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Mol Microbiol. 2002 Feb;43(4):945-60.

Plasticity of a transcriptional regulation network among alpha-proteobacteria is supported by the identification of CtrA targets in Brucella abortus.

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1
Unité de Recherche en Biologie Moléculaire (URBM), Facultés Universitaires Notre Dame de la Paix, 61, rue de Bruxelles, B-5000 Namur, Belgium.

Abstract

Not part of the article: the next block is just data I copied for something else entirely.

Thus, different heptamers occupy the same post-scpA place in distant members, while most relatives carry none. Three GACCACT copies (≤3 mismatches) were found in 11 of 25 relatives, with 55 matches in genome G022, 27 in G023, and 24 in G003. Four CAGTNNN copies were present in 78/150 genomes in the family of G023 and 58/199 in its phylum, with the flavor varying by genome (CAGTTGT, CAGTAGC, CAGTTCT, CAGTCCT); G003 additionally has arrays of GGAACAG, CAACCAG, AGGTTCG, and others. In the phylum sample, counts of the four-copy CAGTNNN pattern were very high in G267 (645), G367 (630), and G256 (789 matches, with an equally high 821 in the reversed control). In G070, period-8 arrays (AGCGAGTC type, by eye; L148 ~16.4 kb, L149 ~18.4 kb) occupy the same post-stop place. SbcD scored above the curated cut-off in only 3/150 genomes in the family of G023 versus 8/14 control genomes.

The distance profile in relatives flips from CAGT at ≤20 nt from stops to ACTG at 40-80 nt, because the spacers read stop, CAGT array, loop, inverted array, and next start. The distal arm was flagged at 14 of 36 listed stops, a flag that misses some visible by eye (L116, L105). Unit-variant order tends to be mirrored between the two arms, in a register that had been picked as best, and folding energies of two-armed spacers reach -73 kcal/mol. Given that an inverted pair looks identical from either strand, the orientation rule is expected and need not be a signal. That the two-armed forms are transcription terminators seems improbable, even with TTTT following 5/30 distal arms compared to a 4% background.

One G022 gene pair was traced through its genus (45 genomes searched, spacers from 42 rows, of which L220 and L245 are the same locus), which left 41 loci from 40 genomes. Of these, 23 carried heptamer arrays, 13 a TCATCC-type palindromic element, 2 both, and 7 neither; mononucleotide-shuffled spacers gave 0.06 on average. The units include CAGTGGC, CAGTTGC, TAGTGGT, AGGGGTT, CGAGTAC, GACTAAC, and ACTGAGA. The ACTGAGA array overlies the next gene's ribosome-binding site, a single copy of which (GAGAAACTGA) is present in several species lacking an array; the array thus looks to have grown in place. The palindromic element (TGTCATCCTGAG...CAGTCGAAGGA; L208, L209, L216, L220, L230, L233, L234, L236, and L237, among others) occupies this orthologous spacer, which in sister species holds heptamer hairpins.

CtrA is a master response regulator found in many alpha-proteobacteria. In Caulobacter crescentus and Sinorhizobium meliloti, this regulator is essential for viability and is transcriptionally autoregulated. In C. crescentus, it is required for the regulation of multiple cell cycle events, such as DNA methylation, DNA replication, flagella and pili biogenesis and septation. Here, we report the characterization of the ctrA gene homologue in the alpha2-proteobacteria Brucella abortus, a facultative intracellular pathogen responsible for brucellosis. We detected CtrA expression in the main Brucella species, and its overproduction led to a phenotype typical of cell division defect, consistent with its expected role. A purified B. abortus CtrA recombinant protein (His6-CtrA) was shown to protect the B. abortus ctrA promoter from DNase I digestion, suggesting transcriptional autoregulation, and this protection was enhanced under CtrA phosphorylation on a conserved Asp residue. Despite the similarities shared by B. abortus and C. crescentus ctrA, the pathway downstream from CtrA may be distinct, at least partially, in both bacteria. Indeed, beside ctrA itself, only one (the ccrM gene) out of four B. abortus homologues of known C. crescentus CtrA targets is bound in vitro by phosphorylated B. abortus CtrA. Moreover, further footprinting experiments support the hypothesis that, in B. abortus, CtrA might directly regulate the expression of the rpoD, pleC, minC and ftsE homologues. Taken together, these results suggest that, in B. abortus and C. crescentus, similar cellular processes are regulated by CtrA through the control of distinct target genes. The plasticity of the regulation network involving CtrA in these two bacteria may be related to their distinct lifestyles.

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